Werf 44 is a new construction project characterised by sustainability and energy-efficient construction. The underlying philosophy of the project is to bring people and culture together in the town. The centre houses various functions that are clustered together based on functionality. Architecturally, the design has resulted in an easily accessible culture centre when the materials radiate sustainability and functionality.
On the ground floors, there is a cafeteria, including two kitchens, one of which is suitable for meetings, with a lounge/foyer space and a restaurant. On the outside, there is a space south-facing terrace that gives the building an extra dynamic and sense of perception. Central to all this is the large concert or theatre hall. It has a capacity of 300 people. A second hall offers place for another 120 people. A small ticket office with a counter and window is suitable for ticket sales and providing information.
The first floor includes the caretaker’s residence, space for checks and safety, and several multipurpose rooms and meeting rooms. Different organisations will be able to find space here and make use of the rooms. One of the most prominent users is the music academy. The planning of all activities will run such that the community centre will be available for as many different meetings as possible at all times, strengthening the interaction between all users.
The design creates a highly accessible centre where people and culture connect with each other: it is a place where people can meet each other within a setting of culture, whether they are from businesses or other organisations, or there for personal relaxation.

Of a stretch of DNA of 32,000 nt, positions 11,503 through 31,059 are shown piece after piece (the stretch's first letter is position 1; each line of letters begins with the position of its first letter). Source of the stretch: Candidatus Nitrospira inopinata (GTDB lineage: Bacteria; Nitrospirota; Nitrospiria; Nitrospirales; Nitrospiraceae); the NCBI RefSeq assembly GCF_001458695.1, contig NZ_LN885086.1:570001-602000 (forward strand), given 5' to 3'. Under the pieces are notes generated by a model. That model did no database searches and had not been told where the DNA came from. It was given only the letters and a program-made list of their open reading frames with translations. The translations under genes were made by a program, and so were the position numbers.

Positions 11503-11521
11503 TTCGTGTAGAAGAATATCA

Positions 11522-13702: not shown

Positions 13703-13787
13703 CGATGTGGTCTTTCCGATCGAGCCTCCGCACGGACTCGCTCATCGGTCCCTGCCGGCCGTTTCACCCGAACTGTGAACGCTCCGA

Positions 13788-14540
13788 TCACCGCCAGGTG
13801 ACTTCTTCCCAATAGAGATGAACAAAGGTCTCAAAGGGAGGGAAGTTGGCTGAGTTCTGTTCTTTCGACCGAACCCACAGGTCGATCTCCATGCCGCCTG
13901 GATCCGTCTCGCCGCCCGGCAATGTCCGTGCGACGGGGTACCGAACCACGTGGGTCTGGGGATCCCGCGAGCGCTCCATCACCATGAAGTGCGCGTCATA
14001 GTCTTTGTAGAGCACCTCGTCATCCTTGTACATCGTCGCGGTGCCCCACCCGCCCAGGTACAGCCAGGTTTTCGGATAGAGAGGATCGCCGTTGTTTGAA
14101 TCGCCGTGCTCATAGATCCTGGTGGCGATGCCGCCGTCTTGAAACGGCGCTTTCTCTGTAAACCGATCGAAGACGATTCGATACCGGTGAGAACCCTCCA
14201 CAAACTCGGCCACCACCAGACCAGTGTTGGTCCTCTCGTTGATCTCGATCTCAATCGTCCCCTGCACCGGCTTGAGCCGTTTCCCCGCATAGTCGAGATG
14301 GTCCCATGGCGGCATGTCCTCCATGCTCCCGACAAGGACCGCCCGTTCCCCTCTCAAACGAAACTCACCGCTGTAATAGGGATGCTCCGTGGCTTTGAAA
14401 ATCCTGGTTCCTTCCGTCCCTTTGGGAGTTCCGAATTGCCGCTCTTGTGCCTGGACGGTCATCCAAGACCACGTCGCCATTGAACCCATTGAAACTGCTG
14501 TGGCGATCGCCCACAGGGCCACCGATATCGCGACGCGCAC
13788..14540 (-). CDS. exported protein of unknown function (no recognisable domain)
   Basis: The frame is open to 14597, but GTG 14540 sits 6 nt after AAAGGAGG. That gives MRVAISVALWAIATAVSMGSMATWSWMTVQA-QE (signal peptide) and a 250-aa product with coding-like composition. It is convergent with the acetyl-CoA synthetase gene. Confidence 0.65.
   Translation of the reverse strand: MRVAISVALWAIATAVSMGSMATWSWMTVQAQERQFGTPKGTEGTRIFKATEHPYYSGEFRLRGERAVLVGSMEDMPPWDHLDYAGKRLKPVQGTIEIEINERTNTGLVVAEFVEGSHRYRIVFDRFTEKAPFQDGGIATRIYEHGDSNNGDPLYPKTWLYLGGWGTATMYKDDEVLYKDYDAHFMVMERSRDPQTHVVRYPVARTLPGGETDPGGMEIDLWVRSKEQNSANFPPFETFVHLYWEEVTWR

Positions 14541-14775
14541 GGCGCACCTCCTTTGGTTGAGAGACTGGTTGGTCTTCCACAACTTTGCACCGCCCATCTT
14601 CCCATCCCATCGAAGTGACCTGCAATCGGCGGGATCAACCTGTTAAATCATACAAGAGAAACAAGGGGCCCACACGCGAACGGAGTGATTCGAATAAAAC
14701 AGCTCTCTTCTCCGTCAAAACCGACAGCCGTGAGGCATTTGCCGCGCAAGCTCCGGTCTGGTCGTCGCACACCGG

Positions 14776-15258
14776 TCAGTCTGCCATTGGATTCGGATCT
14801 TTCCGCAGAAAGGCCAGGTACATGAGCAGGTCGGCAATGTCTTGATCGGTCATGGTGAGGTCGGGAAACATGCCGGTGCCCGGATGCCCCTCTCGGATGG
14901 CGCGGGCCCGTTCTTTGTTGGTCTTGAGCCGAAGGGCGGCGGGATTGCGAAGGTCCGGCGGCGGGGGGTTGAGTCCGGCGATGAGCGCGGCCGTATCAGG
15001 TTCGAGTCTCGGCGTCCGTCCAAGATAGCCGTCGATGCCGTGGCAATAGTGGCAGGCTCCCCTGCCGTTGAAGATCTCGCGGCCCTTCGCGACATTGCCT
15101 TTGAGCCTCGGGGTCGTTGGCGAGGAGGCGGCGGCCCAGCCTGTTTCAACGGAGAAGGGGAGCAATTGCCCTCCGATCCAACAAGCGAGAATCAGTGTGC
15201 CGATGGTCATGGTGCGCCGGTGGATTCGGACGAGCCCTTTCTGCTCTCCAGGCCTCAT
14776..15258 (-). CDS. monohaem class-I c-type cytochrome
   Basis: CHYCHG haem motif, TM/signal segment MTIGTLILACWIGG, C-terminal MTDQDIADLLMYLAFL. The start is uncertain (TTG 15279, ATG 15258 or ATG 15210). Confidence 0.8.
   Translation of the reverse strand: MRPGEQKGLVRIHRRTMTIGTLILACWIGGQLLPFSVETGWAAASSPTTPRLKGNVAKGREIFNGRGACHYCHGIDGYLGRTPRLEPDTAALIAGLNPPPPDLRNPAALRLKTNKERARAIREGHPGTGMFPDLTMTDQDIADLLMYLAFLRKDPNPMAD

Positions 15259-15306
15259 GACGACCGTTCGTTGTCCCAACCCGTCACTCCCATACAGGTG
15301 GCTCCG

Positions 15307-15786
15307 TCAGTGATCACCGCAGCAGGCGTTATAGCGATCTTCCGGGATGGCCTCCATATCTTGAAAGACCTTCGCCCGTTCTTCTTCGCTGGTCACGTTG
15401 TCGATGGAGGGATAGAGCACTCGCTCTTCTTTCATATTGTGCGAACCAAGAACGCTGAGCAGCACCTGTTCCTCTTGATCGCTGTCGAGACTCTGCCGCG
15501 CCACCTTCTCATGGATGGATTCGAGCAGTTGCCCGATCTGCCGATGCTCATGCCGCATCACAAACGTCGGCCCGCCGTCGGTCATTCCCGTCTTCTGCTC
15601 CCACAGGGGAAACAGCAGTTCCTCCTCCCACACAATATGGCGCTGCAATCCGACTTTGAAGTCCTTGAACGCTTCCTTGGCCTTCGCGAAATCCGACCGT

The building is suitably articulated and to the greatest extent possible, it fits in with the scale of the neighbouring buildings. Particular emphasis has been placed on a strong relationship between the inside and the outside. The materials used indoors and outdoors correlate, and the wind screening on the ground floor opens the building to its environment. Large windows on the upper floor add to this effect.
The design is based around functionality and creates meaningful spaces. The building forms a ‘landscape’ with multifunctional boxes. The rooms for human traffic and can also be used as exhibition spaces. The lines of sight raise the foldability and dome lights allow for natural daylight.
The different materials and colours used create a particular dynamism in the appearance of the façades themselves. The materials are simple and exemplify sustainability. The largest part of the surface of the façades has been finished in ceramic tiles with a light beige colour; a smaller section has been profiled in dark anthracite. The different materials emphasise the different functions of the building.
BEN stands for ‘almost energy neutral’. A large number of technical interventions have made the community centre a BEN building.